This is number fourteen in the “Destroyermen series” and shares the strengths and weaknesses of its predecessors. I like this series and, as usually, look forward to the next in what looks to be an infinite number of further volumes.
I see it’s been a long time since I read the first two books of this series. In this volume Fullerton’s protagonist, Nicholas Everard, is sent on a clandestine mission to Istanbul to disable the German battlecruiser SMS Goeben. Most of the book is about Everard’s submarine journey through the Dardanelles dodging mines, patrol boats, and anti-submarine nets. It’s full of technical detail, the quantity of which occasionally gets in the way of the story.
In this 1965 novel a president starts showing signs of paranoia and plans to subvert the Constitution to root out his enemies. One might call it prophetic. What’s disheartening is that, while Knebel could imagine a president going mad, he couldn’t foresee a day when the president’s own party would pretend the madness didn’t exist.
“Night of Camp David” is a solid political thriller, but very much of its era. By which I mean twenty-first century readers might be offended by the way gender and race are handled and surprised by its portrayal of a functioning federal government. It’s a good read, but sad.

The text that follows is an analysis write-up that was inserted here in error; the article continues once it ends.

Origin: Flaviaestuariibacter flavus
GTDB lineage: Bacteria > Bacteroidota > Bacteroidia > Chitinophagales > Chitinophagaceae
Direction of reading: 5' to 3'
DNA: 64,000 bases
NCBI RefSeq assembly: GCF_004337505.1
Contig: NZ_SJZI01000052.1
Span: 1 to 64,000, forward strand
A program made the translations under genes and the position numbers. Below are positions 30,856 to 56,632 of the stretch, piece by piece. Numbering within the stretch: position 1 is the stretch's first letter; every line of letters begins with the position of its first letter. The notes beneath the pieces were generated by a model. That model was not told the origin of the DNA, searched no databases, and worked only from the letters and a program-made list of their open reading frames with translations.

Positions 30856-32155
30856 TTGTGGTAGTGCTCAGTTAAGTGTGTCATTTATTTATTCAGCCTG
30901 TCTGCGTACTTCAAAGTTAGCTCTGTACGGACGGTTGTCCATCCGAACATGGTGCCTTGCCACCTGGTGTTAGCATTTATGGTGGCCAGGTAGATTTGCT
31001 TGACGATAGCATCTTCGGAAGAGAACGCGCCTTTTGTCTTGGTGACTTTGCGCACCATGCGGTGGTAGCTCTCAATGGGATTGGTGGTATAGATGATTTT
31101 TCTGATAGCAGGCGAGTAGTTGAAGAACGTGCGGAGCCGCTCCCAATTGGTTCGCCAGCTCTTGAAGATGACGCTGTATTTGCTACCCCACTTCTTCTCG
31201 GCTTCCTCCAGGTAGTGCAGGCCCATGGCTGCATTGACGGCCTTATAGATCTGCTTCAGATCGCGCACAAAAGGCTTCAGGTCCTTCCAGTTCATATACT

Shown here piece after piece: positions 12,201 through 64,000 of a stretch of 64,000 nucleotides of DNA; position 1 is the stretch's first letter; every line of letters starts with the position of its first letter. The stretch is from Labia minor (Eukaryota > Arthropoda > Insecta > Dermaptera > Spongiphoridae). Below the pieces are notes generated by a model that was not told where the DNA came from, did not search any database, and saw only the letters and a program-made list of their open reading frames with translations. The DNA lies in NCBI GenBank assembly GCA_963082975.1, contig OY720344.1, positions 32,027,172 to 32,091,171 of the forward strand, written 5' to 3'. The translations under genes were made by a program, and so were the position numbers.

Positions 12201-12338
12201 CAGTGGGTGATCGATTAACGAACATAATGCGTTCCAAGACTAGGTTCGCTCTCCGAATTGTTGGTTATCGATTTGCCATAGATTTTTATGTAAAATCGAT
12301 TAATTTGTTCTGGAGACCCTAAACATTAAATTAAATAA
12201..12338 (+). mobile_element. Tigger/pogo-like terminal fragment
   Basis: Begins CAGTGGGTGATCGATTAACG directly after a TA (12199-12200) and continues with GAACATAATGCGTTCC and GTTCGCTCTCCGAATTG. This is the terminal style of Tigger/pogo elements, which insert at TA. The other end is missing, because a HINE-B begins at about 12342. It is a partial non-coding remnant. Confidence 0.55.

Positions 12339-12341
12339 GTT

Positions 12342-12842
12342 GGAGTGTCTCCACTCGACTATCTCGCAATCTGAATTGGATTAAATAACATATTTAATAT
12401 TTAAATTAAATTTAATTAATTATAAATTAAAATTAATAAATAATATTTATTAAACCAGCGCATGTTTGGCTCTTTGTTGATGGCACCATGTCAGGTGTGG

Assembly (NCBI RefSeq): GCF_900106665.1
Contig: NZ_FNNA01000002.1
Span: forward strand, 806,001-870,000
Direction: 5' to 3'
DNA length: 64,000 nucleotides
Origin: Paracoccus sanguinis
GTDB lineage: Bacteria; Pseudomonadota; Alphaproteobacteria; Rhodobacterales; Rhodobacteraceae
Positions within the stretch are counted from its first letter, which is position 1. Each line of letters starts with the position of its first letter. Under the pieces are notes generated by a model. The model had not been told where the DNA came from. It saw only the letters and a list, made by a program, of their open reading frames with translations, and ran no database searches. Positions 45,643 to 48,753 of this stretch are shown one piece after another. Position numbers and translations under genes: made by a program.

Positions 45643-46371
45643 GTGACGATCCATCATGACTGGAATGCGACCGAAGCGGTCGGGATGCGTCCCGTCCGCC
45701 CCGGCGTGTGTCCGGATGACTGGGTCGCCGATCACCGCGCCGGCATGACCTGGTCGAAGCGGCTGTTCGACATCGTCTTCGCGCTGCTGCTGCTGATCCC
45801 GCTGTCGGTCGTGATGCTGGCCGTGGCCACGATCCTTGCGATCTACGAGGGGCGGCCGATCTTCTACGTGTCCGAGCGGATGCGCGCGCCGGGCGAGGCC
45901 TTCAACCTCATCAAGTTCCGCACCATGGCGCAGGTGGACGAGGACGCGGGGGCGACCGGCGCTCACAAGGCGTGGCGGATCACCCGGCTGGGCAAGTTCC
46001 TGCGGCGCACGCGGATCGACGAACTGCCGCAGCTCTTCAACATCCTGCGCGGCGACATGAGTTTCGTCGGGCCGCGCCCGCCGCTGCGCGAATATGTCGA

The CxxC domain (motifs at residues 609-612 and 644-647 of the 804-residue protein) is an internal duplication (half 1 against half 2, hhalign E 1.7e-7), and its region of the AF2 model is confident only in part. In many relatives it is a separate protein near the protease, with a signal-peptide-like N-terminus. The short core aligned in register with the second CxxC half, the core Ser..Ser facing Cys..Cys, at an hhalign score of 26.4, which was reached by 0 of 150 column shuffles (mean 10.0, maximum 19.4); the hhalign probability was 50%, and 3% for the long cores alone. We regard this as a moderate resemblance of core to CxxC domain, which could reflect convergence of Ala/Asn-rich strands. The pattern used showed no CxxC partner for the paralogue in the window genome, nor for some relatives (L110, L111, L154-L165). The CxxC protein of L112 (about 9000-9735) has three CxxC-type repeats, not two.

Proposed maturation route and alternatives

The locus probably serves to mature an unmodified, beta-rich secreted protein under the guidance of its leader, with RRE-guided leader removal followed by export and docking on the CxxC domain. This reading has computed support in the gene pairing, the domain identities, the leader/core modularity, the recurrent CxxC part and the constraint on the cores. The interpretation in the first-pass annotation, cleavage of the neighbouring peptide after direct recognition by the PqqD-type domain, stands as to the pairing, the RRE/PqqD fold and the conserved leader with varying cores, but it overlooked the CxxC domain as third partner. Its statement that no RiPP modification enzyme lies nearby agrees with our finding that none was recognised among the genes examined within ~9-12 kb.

I really like Julian Stockwin’s Kydd series. This one, however, was disappointing. Most of the book isn’t about Kydd as much as it is about the beginnings of the Peninsular War. It reads like a couple of novellas strung together to impersonate a novel.
This is the ninth book in the Matthew Quinton series. I enjoyed it, but was disappointed that it was a story set in Quinton’s youth rather than a continuation of the previous book in the series, which closed with some tantalizing dangling plot threads.
This, the second book in the “Accursed Kings” series has the virtues of the first. It starts in 1314. Philip the Fair is dead and his son, Louis X (“the Headstrong”) is on the throne. The novel focuses on the power stuggle between the king’s uncle and his father’s treasurer and on Philip’s desire to rid himself of his queen so he can remarry.